Got your goat shopping done?
In our Nov. 4 program, Newfoundland filmmaker Christopher Richardson told us about going to Zambia in search of the goats he had been donating in friends' names, in lieu of Christmas presents.
Della Webster of Sudbury witnessed similar gifts reaching their targets:
I enjoyed listening to your piece on the "Gift a Goat' program in Africa. From January to July of this year, I was a CUSO-VSO volunteer in Choibalsan, Mongolia. I became acquainted with a group of 10 families who had lost all their herds as a result of the last two severe winters in Mongolia. They were living in a derelict, abandoned Russian Army building which had boarded up windows and a leaky roof. Basically they were destitute. (she continues, and more letters -- click below)
Della Webster continues...
However, one of the local farmers nearby had offered them some land to grow vegetables. They asked if I could get them seeds so that they could plant in the spring. Friends and St. Thomas University students and faculity as well as the Nova Scotia Community College in Kentville donated seeds.
They planted and tended their gardens and reaped a bountiful harvest this fall. They were just so grateful for the help that they received and marvelled at the way that the Canadian seeds grew in Mongolian soil. As well, I was able to obtain 10 gers (The Mongolian herders house) for these families through World Vision Mongolia. These people now have adequate housing and food. Through the generosity of some local Mongolians, they have been given chickens and a goat. As a result of the assistance that they received, they now have hope and will continue to go from strength to strength.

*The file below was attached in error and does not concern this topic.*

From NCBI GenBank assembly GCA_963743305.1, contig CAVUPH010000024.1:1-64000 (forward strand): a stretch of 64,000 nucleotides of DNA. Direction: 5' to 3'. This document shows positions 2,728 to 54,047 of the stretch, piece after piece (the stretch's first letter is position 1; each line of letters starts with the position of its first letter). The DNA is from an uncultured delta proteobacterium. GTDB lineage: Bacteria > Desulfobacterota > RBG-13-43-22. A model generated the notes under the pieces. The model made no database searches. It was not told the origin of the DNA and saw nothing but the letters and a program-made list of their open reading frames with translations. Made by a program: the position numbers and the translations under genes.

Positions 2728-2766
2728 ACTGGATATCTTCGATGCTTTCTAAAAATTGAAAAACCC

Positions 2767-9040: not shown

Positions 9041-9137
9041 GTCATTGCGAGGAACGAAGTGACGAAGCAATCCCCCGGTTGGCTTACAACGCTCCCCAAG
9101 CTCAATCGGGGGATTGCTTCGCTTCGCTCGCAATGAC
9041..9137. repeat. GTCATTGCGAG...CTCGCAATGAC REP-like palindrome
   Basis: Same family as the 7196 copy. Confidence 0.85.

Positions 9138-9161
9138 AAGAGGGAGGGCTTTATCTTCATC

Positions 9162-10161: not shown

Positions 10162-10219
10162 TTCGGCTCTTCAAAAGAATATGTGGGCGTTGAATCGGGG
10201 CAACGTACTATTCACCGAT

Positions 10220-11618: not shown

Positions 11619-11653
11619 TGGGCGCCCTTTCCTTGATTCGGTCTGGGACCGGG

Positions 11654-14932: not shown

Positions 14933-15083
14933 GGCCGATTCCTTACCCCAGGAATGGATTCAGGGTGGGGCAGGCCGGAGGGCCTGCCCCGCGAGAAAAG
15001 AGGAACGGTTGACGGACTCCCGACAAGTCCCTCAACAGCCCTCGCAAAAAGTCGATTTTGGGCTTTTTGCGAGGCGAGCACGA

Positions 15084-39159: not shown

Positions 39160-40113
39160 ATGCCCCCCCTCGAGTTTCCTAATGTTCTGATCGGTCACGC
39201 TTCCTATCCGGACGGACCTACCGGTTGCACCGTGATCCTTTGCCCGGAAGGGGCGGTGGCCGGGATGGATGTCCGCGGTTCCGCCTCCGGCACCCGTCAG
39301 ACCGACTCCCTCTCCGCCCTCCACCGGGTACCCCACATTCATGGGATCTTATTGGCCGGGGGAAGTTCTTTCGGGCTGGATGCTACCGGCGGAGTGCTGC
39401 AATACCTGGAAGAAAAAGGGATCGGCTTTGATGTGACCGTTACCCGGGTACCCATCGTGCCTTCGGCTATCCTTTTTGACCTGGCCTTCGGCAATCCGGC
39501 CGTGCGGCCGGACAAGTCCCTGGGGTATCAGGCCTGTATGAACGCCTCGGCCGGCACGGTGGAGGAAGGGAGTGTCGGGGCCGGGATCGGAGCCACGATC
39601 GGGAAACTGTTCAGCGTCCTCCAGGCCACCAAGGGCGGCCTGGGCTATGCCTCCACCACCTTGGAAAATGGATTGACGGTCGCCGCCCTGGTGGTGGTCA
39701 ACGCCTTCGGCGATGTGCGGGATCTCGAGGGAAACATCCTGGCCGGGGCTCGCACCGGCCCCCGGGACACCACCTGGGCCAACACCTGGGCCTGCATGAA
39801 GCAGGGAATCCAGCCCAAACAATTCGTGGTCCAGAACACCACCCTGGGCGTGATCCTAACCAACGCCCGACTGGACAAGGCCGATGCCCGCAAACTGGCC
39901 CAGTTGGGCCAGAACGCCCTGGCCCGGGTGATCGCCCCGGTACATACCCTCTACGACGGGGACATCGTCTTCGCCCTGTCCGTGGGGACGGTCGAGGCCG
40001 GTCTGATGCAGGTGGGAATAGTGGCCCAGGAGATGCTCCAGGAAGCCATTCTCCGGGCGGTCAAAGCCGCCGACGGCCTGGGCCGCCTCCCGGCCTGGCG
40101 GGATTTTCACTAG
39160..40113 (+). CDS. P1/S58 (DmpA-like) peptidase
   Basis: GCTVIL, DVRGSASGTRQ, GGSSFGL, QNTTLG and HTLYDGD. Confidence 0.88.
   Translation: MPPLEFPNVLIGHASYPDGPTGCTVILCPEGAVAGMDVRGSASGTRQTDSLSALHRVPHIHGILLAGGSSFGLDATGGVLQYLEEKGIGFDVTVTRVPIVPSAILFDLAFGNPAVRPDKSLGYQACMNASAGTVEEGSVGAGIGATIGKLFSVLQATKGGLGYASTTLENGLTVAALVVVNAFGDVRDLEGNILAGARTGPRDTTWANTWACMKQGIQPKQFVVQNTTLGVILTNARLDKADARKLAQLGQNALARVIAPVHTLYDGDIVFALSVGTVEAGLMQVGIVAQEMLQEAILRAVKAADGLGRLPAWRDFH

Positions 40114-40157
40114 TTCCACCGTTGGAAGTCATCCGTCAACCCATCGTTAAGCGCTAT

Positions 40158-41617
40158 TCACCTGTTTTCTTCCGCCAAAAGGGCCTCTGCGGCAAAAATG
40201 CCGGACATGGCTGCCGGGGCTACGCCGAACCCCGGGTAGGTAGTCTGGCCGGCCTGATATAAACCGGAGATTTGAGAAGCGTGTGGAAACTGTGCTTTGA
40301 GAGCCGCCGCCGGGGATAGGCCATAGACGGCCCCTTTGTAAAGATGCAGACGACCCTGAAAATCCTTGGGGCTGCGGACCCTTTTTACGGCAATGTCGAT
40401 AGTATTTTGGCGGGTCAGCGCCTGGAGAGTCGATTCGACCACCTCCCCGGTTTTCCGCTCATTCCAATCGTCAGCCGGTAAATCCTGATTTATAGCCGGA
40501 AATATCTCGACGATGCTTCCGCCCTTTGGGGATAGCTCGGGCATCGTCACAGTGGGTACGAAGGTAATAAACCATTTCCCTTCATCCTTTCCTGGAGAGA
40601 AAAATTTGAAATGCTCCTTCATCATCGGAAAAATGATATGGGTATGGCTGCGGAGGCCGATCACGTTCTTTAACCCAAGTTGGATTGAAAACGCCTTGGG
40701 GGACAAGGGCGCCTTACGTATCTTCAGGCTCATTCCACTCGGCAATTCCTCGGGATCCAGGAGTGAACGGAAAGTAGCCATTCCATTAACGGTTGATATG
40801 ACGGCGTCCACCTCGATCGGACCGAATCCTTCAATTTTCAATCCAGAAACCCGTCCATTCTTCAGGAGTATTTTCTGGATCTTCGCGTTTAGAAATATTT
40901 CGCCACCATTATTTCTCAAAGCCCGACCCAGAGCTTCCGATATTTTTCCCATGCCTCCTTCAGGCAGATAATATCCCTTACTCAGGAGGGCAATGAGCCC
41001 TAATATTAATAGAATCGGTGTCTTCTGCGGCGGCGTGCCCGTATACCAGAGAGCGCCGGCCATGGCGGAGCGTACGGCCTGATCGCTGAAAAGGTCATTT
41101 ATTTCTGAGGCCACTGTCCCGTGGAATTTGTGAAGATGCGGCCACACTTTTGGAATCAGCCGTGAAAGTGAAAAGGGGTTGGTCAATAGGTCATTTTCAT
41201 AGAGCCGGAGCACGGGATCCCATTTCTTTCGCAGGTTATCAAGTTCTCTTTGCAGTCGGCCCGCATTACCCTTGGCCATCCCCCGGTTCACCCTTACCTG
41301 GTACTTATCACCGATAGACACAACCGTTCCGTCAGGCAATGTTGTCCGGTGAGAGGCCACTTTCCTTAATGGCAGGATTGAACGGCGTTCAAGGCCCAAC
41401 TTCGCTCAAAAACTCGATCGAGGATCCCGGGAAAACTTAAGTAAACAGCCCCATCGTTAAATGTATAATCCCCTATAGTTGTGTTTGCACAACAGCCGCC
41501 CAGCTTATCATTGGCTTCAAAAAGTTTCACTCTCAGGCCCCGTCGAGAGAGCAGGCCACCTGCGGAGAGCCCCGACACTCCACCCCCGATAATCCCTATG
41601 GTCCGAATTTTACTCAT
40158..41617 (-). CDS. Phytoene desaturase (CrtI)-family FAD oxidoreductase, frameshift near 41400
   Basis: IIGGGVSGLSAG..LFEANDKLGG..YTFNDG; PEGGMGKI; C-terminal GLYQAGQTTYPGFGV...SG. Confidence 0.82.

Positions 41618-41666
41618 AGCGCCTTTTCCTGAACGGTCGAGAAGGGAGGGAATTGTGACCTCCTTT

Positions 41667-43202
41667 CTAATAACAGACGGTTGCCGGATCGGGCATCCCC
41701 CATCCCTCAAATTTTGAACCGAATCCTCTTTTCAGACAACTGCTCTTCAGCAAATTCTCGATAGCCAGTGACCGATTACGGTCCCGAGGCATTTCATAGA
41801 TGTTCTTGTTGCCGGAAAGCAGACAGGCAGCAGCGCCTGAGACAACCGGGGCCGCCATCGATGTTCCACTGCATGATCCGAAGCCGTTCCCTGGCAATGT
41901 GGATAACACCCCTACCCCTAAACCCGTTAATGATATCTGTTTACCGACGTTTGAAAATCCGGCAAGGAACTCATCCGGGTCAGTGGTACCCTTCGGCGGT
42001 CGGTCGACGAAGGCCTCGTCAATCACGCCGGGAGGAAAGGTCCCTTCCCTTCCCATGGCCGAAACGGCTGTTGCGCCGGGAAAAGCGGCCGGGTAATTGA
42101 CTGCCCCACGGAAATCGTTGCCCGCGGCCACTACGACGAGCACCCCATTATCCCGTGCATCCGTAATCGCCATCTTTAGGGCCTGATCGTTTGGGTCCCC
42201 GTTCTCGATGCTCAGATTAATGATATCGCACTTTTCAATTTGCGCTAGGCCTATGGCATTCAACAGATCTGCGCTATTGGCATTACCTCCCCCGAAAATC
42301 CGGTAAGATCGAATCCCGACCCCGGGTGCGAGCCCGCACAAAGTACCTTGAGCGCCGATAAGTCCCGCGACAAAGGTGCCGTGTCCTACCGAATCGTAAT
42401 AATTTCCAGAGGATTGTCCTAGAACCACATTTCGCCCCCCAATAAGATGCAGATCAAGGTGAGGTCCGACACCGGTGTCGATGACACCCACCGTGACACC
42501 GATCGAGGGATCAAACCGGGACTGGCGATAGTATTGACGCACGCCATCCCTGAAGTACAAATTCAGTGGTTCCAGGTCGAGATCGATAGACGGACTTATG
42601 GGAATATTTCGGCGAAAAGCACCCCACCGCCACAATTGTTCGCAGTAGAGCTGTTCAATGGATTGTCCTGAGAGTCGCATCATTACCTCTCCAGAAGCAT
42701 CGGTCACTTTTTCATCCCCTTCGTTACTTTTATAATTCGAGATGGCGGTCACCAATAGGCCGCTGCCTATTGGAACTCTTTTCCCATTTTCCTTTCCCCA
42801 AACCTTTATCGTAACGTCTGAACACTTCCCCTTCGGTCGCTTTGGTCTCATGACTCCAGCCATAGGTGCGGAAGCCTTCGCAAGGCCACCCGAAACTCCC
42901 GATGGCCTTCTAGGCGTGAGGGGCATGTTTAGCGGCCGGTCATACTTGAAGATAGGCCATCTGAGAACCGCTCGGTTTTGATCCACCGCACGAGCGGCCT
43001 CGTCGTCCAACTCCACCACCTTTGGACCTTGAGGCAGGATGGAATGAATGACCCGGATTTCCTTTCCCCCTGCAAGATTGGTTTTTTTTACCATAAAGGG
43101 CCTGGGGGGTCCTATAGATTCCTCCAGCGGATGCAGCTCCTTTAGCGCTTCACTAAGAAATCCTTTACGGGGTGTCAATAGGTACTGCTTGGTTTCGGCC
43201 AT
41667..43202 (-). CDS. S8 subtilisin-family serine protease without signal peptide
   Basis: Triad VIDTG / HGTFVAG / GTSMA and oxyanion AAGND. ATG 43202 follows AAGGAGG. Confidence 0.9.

Gestures like the "Gift a Goat' program assist the people who need it. The NGO's throughout the world research and do their homework so that the 'gift' goes to the people who are in need. For the most part the 'gift' gives them hope and their economic status changes dramatically. As well, this gift is sustainable. Therefore, I would urge Canadians to keep giving 'the gifts" that make such a positive difference in the lives of the poor around the world.
Derek Wilson of Port Moody added this:
I lived in Kabwe, Zambia, for two years in the mid-Seventies where I was involved in railroad management. In my spare time I was very caught up in the activities of the Wildlife Conservation Society of Zambia especially its children's magazine Chongololo. The focus of the WCSZ was to promote the protection and conservation of the amazing wildlife of Zambia.
But the majority of Zambians lived as peasant-farmers where wildlife was exploited as "nyama" (meat). Gradually I came to the realization that the WCSZ would be largely unsuccessful unless it focused on every Zambian having 'a chicken in every pot'. So I was pleased to learn that Christopher Richardson, through PLAN Canada, is doing just that by providing goats (and chickens) to peasant-farmers.
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